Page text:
Post Script – comments on the journal and on introducing cats; a name for little gray?
post #50 of 61
post #51 of 61
Thread Starter 

My sincere thanks go out to all who offered comments, suggestions, and just good old-fashioned support. For those who posted in the journal thread, I intentionally did not respond to your posts in the thread, because I wanted to maintain my part of the thread as a journal, not as a discussion topic. Some of you I responded to by private message. Some found their suggestions implemented in the next day’s journal entry.

I’m also grateful for the excellent information about cat behavior published online and on paper. Articles and books written by fine authors and behaviorists such as Pam Johnson-Bennett, Dr. Bruce Fogle, Wendy Christensen, J. Anne Helgren, Jackson Galaxy, Mary Anne Miller, and so many others I can’t name them all.

I also want to acknowledge the cat and pet-oriented web sites and message boards, where pet owners can seek information and discuss their pet problems, and get help and support from others who’ve had the same experiences and/or share the same concern and love for their pets. What would we do without other people to talk things over? My thanks to the owners, operators and staff of these sites for creating and making available these resources and communities.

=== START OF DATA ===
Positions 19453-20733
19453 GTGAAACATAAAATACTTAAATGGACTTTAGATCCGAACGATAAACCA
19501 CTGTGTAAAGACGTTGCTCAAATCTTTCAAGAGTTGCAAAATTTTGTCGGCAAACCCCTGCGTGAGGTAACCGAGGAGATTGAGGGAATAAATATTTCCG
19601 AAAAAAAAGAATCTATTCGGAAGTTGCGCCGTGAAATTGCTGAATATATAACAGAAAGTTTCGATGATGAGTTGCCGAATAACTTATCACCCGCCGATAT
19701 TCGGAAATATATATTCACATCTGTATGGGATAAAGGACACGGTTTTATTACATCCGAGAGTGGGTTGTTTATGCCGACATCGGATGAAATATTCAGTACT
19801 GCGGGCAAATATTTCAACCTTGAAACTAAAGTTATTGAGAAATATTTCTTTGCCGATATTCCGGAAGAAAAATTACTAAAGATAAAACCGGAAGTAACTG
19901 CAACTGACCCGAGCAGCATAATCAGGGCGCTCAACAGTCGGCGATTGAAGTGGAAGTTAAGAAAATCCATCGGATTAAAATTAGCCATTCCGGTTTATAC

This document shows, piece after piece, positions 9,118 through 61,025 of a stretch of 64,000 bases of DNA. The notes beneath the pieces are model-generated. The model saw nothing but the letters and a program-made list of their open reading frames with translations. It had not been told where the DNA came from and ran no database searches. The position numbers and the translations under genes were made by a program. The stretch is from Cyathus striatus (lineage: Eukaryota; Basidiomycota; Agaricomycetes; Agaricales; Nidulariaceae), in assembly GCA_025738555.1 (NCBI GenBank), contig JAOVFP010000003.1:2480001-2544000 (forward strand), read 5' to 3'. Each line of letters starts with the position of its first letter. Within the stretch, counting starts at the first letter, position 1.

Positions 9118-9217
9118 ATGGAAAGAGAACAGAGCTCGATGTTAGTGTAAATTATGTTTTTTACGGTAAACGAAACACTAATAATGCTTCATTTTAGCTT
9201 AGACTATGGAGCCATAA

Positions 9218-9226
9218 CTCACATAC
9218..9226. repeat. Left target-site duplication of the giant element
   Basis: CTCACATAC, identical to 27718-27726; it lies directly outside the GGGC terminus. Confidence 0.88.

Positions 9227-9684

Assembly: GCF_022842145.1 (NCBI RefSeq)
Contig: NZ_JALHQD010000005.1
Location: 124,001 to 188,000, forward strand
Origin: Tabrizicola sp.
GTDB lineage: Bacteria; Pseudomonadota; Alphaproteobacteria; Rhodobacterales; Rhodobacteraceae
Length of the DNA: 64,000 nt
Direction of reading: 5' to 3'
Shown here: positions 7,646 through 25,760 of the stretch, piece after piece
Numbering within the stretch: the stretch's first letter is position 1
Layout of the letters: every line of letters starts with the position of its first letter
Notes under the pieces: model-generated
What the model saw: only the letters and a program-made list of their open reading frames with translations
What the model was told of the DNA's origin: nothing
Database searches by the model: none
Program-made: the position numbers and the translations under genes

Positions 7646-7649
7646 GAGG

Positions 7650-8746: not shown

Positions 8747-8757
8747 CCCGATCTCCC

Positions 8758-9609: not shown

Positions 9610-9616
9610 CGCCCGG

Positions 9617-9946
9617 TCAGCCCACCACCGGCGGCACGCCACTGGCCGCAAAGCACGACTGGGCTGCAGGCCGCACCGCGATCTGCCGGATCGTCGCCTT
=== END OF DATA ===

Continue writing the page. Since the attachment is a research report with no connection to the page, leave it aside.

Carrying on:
Postscript – Part One

On the journal

Everything written in this journal really happened. The only creative license taken was in the descriptive language used, which hopefully made the happenings reported more interesting reading. Of course, there were things that happened that weren’t recorded in the journal, but all the significant events affecting the little gray cat’s introduction are here.

I began this journal on a bit of a whim. My original thought was “this might be fun.†My intent was to use and to describe all or most of the techniques used to introduce a new cat into an existing cat group. Along the way, the journal took on a life of its own and I found excuses to introduce bits and pieces of my own opinions and philosophies and various topics cat and non-cat, and reason to exercise some creative writing gone very, very rusty after many, many years.

Writing this journal took a great deal of time. Much of the journal was written in first-person present tense, and indeed many parts were written immediately after the events described. Of course, the cats always took first priority, but writing this journal caused many other important priorities to be neglected, to their detriment. So I can only advise that anyone wanting to introduce a new cat shouldn’t bother keeping a journal, and if they do, for heaven’s sake, don’t post it on a message board!!